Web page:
Saturday, November 1, 2008

The Perfect End to the RIP Season.....


I haven't read Bradbury since High School. And for some reason, my memory of his writing is pretty sketchy. Maybe it has something to do with all the brain cells I probably killed off in college. Or maybe I just didn't appreciate it back then. It's probably the brain cell thing, though. But whatever the reason, I don't think I will soon forget reading Something Wicked This Way Comes by Ray Bradbury (293 pgs, Avon, 1962).

One strange wild dark year, Halloween came early. One year, Halloween came on October 24, three hours after midnight.

For two young boys, the appearance of a mysterious carnival in town in October, was amazing. Green Town, Illinois, was normally such a boring place to live. But on a windswept October evening, Cooger & Dark's Pandemonium Shadow Show steals into town under the cover of darkness and changes their lives forever.

Will Halloway and Jim Nightshade were almost 14. They were next door neighbors and the best of friends. Born 2 minutes apart, one of them at 1 minute till midnight on October 30th, and the other 1 minute after, on Halloween night. They were the perfect companions: opposite sides of the coin, so to speak. Will was the light side, and Jim definitely the dark side. And yet, they complimented each other perfectly.

On that fateful October night, a Lightning Rod salesman stops by the boys' homes looking to sell his wares. Foretelling a great storm on the horizon, the salesman says that one of their homes is going to be hit by it. He can feel it in his bones. So he leaves a lightning rod for Jim, telling him that he needs it on his roof for protection.

Little did the boys know that the storm that was coming was by way of the Cooger & Dark show......

This book, written oh so many years ago, is a classic for many reasons. Named from the infamous Shakespearean line from Macbeth: By the Pricking of my Thumbs, Something Wicked This way Comes, this book is basically your good vs. evil story personified. And yet, there is so much more to it than just that. On the "good" side, we find Jim, Will, and Will's father, Charles Halloway. Charles and Will were never close. Charles feels he is too old to be a father. In fact, he was over 40 when Will was born. But when Will and Jim find themselves in deep trouble, Charles steps up and fast becomes the hero he was always meant to be. Ordinary people....taking on extraordinary beings.

On the "evil" side, is Mr, Dark, and his band of freaks from the carnival. G. M. Dark is the "Illustrated" man, carrying a tattoo of each person whose soul he has taken for the Carnival. But, as always, the side of evil offers up something that everyone wants: A chance to change their age. The temptation of being older is an incredible pull for young boys. As is the chance to be young again for anyone middle aged. And temptation is the name of the game in this book.

One scene that left me literally with chills up my spine, was one in which the Carnival people were looking for the boys. As Mr. Dark encounters Charles Halloway for the first time, he questions him about knowing 2 boys in town. On the palm of each hand is a picture of the boys, tattooed there....souls he is trying to steal. For some reason, that image, of the tattooed pictures on his hands, just left me cold. That's the way this book is. Nothing bloody or gory. And yet, so incredibly frightening. The power of suggestion is a amazing tool, and Bradbury uses it liberally throughout this book.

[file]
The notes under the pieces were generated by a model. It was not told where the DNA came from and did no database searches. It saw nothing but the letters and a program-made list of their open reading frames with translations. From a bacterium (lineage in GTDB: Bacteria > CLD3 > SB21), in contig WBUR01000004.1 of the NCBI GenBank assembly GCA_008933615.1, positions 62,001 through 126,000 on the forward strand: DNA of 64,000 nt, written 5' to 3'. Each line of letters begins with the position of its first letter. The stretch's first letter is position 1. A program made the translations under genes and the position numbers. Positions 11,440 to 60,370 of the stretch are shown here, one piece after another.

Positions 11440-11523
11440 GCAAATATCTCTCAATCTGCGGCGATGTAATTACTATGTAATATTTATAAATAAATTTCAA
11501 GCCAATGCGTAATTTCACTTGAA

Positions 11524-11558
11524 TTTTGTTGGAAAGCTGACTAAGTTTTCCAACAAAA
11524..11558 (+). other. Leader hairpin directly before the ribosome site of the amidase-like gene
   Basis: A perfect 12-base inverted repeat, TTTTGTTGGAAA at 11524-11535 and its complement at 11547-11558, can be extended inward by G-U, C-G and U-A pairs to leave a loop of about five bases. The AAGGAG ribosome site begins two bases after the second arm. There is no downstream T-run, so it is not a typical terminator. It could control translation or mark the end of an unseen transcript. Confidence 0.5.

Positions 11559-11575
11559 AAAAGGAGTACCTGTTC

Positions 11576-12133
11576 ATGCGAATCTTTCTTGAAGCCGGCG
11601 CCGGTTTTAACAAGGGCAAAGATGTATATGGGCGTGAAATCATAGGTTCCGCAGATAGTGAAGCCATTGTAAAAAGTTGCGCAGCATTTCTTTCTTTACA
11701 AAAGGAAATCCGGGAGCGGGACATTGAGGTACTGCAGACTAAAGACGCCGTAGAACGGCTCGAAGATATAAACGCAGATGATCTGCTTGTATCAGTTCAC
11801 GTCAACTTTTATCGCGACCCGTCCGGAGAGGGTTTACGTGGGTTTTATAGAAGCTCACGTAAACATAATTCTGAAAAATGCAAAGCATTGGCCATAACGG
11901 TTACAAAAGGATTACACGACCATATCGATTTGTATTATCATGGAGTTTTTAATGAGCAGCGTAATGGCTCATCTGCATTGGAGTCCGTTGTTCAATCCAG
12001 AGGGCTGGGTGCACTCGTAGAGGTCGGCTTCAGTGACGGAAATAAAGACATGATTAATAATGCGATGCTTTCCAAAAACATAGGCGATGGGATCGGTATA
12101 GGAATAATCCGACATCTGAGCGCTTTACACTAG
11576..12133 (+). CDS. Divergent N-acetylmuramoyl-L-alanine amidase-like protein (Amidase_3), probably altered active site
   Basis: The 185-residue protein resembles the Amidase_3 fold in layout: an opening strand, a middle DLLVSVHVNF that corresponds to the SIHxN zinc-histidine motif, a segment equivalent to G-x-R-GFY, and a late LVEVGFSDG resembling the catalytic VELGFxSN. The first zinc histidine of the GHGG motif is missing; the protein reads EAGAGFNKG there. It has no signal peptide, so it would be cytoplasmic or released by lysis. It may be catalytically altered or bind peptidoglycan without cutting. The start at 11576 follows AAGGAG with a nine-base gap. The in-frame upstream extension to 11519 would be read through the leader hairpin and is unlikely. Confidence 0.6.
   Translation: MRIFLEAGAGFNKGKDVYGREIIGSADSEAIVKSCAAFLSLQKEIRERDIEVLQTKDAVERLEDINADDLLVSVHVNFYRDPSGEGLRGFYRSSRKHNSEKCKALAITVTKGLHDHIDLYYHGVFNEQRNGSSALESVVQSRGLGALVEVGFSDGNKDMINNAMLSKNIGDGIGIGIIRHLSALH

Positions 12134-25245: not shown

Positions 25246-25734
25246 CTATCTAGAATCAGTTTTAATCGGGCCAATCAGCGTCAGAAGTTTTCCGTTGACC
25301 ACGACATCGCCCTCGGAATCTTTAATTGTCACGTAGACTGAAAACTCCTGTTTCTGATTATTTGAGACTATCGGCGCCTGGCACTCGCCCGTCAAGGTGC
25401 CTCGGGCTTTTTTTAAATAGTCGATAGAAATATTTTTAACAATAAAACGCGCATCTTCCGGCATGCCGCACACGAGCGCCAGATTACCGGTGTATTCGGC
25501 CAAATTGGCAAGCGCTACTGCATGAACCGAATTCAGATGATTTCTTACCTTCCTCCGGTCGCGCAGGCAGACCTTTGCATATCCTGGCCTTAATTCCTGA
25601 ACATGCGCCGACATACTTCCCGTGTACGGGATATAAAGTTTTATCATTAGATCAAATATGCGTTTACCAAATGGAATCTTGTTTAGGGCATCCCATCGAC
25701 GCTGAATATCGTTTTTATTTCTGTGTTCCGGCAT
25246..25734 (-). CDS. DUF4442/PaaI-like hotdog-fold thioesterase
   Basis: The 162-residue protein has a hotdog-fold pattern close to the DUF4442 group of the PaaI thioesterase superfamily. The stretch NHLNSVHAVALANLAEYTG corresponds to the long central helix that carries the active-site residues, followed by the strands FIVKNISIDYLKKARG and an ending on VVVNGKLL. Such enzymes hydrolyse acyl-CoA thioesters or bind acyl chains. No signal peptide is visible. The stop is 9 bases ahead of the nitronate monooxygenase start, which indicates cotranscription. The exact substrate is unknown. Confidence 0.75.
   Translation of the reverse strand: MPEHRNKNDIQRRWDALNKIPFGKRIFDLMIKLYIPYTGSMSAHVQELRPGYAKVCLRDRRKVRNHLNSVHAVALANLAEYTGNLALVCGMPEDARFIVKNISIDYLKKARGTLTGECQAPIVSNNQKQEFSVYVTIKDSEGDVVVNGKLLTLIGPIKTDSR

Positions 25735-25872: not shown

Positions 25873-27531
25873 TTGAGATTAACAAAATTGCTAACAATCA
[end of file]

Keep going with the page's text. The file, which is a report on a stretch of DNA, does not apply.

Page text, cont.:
And Bradbury's writing is something to behold. It is lyrical and almost hypnotic. One paragraph that caught my attention was about Charles. He is constantly worried about his age and time, especially with regards to Will:

His wife smiled in her sleep. Why? She's immortal. She has a son. Your son, too! But what father ever really believes it? He carries no burden, he feels no pain. What man, like woman, lies down in darkness and gets up with child? The gentle, smiling ones own the good secret. Oh, what strange wonderful clocks women are. They nest in Time. They make the flesh that holds fast and binds eternity. They live inside the gift, know power, accept, and need not mention it. Why speak of of Time when you are Time, and shape the universal, as the pass into warmth and action?

This is a book everyone should read. Wonderful and frightening. If carnivals and freak shows didn't already give me the creeps, this book has definitely altered my image of them. I will never look at a carousel the same way again!! 4.5/5

8 comments:

Nymeth said...

I love this book! I'm so glad you did too, Stephanie. And I know what you mean about his writing. There are no words for how wonderful it is.

hopeinbrazil said...

Thanks for a terrific review. I'm trying to catch up on all the classics I missed as a young person. This sounds like a "Must Read".

Trish said...

I really loved Bradbury's lyrical writing in this book as well--I don't remember the style being quite the same for Farhenheit 451. Glad you liked it!! This is one that I'll remember for a long time as well

Framed said...

Even though I didn't like this book as well as you did, I did love that quote. And I agree with how creepy the search by Mr. Dark was.

raidergirl3 said...

I'm still in the middle of the book, and it is wonderful. I agree about the writing, it's the hyphenated words grabbing my attention. His descriptions are amazing.

Great review here! Creepy with out being gross, Bradbury leaves it all up to your imagination.

Rhinoa said...

Cool I hope to get around to this next year (fingers crossed there will be an RIP IV).

Chris said...

I'm so glad that you liked it Steph! This is one of my favorite books and it put me onto a Bradbury obsession last year! One that hasn't really ended yet.

Debi said...

I read this for the first time last year, and it jumped right up to my all-time favorites list! I just adore his writing!